Where the High Five came From: The Art of the Kingdom of Kongo
By Robert Farris Thompson
Center for Africana Studies, Vance Academic Center, Room 105
Friday, October 4, 7:30pm
Dr. Robert Farris Thompson has devoted his life to the study of the art history of the Afro-Atlantic world. This presentation focuses on the origin of the High Five, a gesture seen as uniquely American. Dr. Thompson, a dynamic speaker, discusses the origin of this physical gesture and the meanings behind it.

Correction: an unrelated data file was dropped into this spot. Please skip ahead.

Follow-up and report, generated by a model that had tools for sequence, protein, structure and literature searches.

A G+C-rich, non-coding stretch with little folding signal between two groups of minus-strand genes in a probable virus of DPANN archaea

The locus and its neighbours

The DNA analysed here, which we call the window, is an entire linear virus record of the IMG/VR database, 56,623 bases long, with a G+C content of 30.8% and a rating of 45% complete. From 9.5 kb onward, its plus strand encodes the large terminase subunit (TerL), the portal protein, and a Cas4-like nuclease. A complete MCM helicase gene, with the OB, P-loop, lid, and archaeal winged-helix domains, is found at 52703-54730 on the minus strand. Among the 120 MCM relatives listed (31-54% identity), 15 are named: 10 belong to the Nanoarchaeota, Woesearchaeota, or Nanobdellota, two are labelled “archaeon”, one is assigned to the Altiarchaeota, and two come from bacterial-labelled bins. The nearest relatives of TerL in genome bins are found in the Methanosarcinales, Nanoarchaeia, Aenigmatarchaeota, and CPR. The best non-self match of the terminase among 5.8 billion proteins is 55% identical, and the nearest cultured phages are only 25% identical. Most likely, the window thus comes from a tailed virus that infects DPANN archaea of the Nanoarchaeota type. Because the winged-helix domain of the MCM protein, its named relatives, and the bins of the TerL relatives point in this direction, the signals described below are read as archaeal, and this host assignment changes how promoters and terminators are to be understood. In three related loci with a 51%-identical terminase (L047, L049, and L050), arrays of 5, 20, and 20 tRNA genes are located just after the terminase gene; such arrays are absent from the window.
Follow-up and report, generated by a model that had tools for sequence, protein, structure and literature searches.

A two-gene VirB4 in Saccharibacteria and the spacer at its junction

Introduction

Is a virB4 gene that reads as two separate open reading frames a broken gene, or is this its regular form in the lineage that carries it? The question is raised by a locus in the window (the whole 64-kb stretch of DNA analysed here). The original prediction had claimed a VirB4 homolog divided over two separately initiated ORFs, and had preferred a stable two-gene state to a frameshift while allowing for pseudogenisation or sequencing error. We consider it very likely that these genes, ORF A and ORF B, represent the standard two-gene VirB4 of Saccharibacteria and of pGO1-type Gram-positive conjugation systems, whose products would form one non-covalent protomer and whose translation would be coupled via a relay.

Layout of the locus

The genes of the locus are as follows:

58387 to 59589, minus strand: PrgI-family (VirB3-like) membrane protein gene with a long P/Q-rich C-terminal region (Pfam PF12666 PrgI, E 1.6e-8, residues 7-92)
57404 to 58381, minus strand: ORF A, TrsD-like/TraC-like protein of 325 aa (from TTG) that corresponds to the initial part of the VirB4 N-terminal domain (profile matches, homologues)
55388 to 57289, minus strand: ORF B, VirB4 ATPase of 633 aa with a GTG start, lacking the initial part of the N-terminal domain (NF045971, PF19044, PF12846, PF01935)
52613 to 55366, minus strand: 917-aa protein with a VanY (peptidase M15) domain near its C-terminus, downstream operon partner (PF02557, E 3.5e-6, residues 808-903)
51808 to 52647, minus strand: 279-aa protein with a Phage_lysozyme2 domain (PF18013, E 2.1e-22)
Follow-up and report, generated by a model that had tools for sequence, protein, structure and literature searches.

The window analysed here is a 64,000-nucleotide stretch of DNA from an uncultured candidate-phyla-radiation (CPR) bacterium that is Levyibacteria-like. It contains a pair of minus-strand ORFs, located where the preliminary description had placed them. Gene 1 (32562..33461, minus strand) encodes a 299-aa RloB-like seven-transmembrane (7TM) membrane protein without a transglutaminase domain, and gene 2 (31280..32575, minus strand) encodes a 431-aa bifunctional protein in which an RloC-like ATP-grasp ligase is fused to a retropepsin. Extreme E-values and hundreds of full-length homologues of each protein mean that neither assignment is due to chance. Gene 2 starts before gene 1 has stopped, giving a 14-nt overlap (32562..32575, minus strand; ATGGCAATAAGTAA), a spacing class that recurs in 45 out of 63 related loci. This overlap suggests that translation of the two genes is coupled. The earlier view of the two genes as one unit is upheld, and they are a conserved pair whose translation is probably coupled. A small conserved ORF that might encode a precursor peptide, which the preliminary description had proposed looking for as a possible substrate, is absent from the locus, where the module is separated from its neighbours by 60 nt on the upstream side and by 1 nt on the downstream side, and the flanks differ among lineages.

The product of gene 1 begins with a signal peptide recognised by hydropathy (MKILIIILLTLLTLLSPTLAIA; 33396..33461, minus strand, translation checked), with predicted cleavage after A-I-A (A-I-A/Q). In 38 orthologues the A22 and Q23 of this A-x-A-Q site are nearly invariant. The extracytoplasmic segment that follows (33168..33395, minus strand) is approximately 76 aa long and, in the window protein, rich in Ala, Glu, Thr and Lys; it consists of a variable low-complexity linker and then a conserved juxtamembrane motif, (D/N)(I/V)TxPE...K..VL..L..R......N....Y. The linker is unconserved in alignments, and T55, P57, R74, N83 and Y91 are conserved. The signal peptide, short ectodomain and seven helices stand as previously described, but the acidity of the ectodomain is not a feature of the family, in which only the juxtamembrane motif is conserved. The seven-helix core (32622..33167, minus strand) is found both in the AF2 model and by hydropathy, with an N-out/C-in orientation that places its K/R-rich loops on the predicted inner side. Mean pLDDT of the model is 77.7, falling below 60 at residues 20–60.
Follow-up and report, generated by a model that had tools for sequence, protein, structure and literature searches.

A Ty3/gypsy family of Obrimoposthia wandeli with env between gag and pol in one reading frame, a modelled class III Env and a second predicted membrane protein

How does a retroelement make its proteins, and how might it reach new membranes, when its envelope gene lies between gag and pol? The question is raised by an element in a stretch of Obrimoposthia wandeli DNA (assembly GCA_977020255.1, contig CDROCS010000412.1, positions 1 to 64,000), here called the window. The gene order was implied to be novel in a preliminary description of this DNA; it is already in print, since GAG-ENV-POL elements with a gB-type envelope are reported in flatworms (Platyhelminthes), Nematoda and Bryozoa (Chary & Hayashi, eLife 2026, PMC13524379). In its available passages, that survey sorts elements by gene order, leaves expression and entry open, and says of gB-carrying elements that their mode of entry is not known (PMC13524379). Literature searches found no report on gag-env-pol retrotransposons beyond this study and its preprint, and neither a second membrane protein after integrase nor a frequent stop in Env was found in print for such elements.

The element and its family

His first book, Black Gods and Kings, was a close iconographic reading of the art history of the forty million Yoruba people of southwestern Nigeria. He has published texts on the structure and meaning of African dance, African Art in Motion, and a reader on the art history of the Black Americas, Flash of the Spirit, which has remained in print since its publication in 1983. Thompson has published two books on the bark cloth art of the Bambenga or Buraka of the Ituri Forest, plus the first international study of altars of the Black Atlantic world, Face of the Gods and most recently Tango: The Art History of Love. In addition, he has published an introduction to the diaries of Keith Haring, studies the art of José Bedia and Guillermo Kuitca and has been anthologized fifteen times and his writings have been published in five different languages. He is also the Master of Timothy Dwight College at Yale.